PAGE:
I shouldn’t have gone to Munich. From Barry Spiegel, of Peoria, Ariz.: “Boy, did you pick a bad week for a European trip. Make sure to think twice, and maybe another time, before wasting a midseason week at a European game, a money-grab for the league, next year. Or will you be in Mexico City next week? Didn’t think so.”
To each his own, Barry. I hope I was able to pass on some interesting fodder about the NFL’s international plans, with some flavor of the first game ever in Germany. Not everyone’s going to like what I do, and that’s okay. Re: Mexico, no, I’m not going, though that would be an interesting trip too. I’ve never been to one of the games in England either. I thought the fervor of the fans in Germany and the potential so many owners see in that country made it a good trip to take.
1. I think it’s crazy that the fate of Odell Beckham Jr. could be decided by the performance of two teams in a Thanksgiving game. Giants at Cowboys. Ian Rapoport and Tom Pelissero reported Beckham is narrowing his list of candidate teams and will visit those two after Thanksgiving. Knowing Beckham wants to only play for a contender who could make a playoff run, the Giants are going to need a Herculean effort to show that potential Thursday in Texas—especially after playing so poorly in the loss to Detroit Sunday.
2. I think it’s official: Jeff Saturday will not go undefeated in his career as an NFL head coach.
3. I think I never thought the Rams would go 1-6 in a stretch of nearly two months, but when Matthew Stafford and Cooper Kupp and Andrew Whitworth are all missing, there is little hope that they’ll be competitive.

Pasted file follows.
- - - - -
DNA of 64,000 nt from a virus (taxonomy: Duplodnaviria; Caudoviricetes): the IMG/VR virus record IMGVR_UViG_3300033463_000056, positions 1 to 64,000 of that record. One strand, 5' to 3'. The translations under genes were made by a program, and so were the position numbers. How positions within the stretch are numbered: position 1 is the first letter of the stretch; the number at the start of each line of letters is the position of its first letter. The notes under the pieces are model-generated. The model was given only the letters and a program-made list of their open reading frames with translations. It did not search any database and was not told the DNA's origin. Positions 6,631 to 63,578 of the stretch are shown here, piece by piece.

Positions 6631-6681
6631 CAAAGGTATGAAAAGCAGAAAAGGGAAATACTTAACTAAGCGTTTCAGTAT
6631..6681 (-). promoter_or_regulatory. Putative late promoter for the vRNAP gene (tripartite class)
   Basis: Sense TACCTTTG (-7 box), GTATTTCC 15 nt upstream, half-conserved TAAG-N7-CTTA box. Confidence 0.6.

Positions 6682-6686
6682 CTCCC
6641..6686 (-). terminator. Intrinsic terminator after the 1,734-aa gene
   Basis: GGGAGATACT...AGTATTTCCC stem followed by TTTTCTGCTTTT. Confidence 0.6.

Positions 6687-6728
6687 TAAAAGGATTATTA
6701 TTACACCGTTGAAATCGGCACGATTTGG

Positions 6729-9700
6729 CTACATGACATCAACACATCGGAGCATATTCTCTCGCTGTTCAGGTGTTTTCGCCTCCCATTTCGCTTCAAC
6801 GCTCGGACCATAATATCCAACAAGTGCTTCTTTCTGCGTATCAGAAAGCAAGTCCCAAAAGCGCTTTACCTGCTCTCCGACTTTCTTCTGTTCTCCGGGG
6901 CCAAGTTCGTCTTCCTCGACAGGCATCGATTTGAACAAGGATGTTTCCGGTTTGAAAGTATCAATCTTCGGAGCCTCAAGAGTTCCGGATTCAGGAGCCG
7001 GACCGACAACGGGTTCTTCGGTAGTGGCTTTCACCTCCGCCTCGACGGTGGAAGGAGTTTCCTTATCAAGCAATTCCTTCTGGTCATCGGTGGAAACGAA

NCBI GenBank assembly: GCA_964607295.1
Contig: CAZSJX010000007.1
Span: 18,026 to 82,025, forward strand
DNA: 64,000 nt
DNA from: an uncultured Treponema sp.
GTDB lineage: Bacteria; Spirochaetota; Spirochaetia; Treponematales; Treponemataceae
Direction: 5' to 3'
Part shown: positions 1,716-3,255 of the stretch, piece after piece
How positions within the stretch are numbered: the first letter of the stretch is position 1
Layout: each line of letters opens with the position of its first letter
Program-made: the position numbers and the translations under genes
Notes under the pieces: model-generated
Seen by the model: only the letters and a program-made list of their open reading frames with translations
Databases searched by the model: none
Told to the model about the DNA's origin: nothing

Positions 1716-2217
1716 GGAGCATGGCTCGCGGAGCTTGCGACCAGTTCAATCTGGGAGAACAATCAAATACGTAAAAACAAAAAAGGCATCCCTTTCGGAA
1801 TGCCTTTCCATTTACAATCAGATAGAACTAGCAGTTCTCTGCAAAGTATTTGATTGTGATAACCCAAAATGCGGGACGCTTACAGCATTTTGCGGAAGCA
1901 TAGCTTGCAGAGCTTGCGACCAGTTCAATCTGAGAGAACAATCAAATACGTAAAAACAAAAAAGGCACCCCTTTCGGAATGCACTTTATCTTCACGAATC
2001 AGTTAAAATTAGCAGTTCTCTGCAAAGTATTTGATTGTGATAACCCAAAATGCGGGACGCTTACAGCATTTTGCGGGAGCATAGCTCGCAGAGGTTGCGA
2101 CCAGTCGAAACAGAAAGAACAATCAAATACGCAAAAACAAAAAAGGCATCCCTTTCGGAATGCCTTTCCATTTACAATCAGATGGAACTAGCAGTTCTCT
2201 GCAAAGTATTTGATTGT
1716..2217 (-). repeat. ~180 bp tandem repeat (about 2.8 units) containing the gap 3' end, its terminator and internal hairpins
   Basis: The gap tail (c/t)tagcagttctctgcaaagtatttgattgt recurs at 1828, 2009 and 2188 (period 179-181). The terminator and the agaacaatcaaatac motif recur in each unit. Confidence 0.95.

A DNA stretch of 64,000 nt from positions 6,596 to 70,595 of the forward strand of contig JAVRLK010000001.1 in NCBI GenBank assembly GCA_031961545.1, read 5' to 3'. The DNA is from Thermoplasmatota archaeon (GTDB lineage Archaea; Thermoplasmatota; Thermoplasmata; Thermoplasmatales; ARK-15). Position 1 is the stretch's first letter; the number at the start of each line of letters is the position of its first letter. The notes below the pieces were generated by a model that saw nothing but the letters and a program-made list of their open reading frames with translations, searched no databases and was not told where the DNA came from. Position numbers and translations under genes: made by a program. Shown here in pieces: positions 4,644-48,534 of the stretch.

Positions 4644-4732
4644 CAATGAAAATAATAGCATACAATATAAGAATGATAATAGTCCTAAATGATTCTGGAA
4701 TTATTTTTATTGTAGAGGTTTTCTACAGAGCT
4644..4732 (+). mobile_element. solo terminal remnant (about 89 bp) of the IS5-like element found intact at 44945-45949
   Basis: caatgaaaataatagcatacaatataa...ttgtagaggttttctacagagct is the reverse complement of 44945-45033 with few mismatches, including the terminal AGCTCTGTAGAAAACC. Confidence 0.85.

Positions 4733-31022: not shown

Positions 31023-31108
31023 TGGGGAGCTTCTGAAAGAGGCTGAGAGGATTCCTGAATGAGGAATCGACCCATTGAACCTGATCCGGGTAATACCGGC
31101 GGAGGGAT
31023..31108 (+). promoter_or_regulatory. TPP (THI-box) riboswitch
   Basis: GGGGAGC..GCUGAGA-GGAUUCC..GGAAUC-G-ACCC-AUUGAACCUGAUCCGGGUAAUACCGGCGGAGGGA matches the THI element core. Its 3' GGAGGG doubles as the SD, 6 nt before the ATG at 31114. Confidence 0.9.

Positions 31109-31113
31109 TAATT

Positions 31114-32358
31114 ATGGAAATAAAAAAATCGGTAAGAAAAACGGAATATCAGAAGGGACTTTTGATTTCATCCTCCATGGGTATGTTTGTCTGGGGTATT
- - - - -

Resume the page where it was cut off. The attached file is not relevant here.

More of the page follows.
4. I think I’ve been pretty adamant that because the off-season practices for teams—with the exception of the mandatory full-squad camp in early June—are voluntary, it is a player’s right to either attend or not. He should not be forced to. So when Aaron Rodgers didn’t do much in the off-season this past year, I thought, “That’s his right. He shouldn’t be forced to be there, even with a lot of new pieces in place he needs to mesh with.” After watching Green Bay a lot this season, I’m more inclined to think differently about next spring. I think it would be fair in February to say to Rodgers (who will be 39 next month): This season showed how important chemistry with receivers is. We saw a lot of miscommunication this year. We’d like you to come in for some or all of the off-season work this year, so you can form stronger bonds with Christian Watson and Romeo Doubs and whoever else we bring in. If Rodgers says no, and I’m the leadership team of Matt LaFleur and Brian Gutekunst, I’d think about alternatives for the 2023 season. I wouldn’t think necessarily of divorcing Rodgers, but I would consider alternatives. One more thing I’d do: once Green Bay is out of it this year, give Jordan Love three or four starts. The Pack’s at the end of year three with the Love experiment. Wouldn’t it be nice to enter year four knowing a little more about what they have in him?